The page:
On June 30 another sad chapter was added to the city of Portland’s long history of public violence when antifa and far-right protestors clashed at a downtown rally that began with a police permit but was soon declared a riot. It was the second time in a month that demonstrators from these two groups had met in public protests that turned violent; the earlier and smaller event dispersed after police made four arrests.

Portland is a city that claims to promote diversity of opinion, but also has a dark side, with a continuing history of racism and fear of “the other.” Black neighborhoods have been destroyed, starting with the building of a freeway in the late 1950s and through continuing gentrification ever since. But finally this fall, we will move toward a more representative city government with the election of the first woman of color to the city council. Immigrants have been murdered, as in the killing of Mulugeta Seraw, an Ethiopian student, in 1988 and also welcomed, as in the public schools, where about 25 percent of students overall come from homes where English is not the first language.

Perhaps it is this very polarity between opposing value systems that attracts clashes such as the one on June 30. Each side can be sure of having its opposite on hand as an audience.

Free speech is what both groups of demonstrators claimed they wanted to defend. And, indeed, the right to free speech is a part of our nation that almost all of us cherish. But what does that mean?

Speech implies a listener. And to get listeners to really hear our message, we have to imagine at least a little of what they are thinking and then present our ideas effectively so that they will be heard. In short, our message has to be given with our audience in mind, or our ideas will be lost in a fog of anger. June 30 was not a dialog, merely a shouting match.

In other settings, Portlanders are communicating across the divide. Portland Equity in Action, a community action group, put up 25 billboards this spring with anti-racist messages. One says, “Portland, is your white fragility showing?” Another includes a photo of Larnell Bruce, Jr, who died in a Portland suburb in 2016 at age 19 when a driver with ties to white supremacist groups chased him and struck him with a car. This billboard includes the statistic that Oregon is home to 21 active white supremacist groups. Each time a passerby sees one of these billboards, a message is conveyed, to be considered in the quiet of the observer’s own thoughts.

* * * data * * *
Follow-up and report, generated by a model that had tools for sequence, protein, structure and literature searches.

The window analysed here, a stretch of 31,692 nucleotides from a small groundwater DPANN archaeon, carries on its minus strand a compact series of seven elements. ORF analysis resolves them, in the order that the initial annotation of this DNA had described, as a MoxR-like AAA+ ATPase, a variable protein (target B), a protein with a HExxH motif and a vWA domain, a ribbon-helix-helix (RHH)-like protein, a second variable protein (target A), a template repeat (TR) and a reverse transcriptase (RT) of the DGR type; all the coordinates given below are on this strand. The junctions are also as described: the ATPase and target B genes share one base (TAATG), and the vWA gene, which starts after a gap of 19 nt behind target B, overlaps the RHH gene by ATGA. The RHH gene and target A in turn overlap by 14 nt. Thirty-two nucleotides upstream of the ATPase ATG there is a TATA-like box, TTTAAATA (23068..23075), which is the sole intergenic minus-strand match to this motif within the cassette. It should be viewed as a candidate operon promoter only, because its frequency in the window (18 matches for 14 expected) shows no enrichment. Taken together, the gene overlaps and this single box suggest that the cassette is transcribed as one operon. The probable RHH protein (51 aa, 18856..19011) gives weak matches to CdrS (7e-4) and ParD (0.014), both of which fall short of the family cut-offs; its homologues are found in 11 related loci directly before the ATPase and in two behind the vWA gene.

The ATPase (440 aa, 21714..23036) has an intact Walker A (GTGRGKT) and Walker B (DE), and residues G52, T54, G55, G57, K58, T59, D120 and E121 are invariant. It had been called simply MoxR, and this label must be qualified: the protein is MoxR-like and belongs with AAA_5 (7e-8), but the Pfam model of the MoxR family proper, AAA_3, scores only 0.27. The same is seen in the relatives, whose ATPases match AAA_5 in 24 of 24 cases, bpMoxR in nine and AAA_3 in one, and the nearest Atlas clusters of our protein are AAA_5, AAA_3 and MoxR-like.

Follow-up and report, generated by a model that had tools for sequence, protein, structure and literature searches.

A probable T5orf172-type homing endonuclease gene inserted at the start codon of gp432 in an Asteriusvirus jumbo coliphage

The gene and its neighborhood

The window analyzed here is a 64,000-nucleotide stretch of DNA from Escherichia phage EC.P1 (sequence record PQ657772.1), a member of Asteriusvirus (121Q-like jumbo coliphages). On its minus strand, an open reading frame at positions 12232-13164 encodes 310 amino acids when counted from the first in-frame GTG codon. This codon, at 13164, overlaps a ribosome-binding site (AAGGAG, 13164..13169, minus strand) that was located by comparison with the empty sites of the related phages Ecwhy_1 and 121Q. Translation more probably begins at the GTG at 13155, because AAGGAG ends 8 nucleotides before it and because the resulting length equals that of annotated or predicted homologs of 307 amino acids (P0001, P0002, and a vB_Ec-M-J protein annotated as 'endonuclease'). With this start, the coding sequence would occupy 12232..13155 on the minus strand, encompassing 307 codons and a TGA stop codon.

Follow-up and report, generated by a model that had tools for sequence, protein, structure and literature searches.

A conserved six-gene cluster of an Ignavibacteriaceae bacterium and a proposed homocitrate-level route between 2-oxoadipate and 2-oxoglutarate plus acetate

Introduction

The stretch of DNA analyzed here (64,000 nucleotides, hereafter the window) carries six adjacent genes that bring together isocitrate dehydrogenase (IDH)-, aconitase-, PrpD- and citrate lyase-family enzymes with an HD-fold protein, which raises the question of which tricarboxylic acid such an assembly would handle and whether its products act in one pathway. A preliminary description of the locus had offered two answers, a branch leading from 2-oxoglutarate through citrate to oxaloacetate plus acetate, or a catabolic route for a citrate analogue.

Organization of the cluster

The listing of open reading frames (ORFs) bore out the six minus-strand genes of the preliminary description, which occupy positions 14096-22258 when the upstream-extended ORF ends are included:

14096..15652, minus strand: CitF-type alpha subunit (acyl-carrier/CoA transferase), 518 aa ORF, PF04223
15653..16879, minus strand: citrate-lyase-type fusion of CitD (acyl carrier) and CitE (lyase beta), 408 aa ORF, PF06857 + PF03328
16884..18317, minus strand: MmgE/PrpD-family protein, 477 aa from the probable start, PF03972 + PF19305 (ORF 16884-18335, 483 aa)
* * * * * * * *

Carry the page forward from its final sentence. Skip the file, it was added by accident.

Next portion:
As another example, Portland Community Reinvestment Initiatives provides affordable rentals and purchases in neighborhoods devastated by gentrification; preference is given to those with historic ties to the neighborhood. This program is moving discouragingly slowly, but it has the potential to gradually restore some of inner Portland’s diversity.

These examples are especially cogent because they seem so minor, inconsequential even, when taken against the drama of riots and tweets. Yet only with such small, slow steps can we resist the tyranny of the sensational and move toward lasting change. It’s time to get back to the day-to-day job of creating a just society: making phone calls, getting out the vote, attending meetings, supporting our elected officials, writing, talking – and listening. Sorry, I know you’re angry – I am too – but real change takes hard work.

Nancy Dollahite is the author of Field Notes from Sichuan: Learning to Be a Foreigner, to be published by Blue Ear Books. She lives in Portland, Oregon.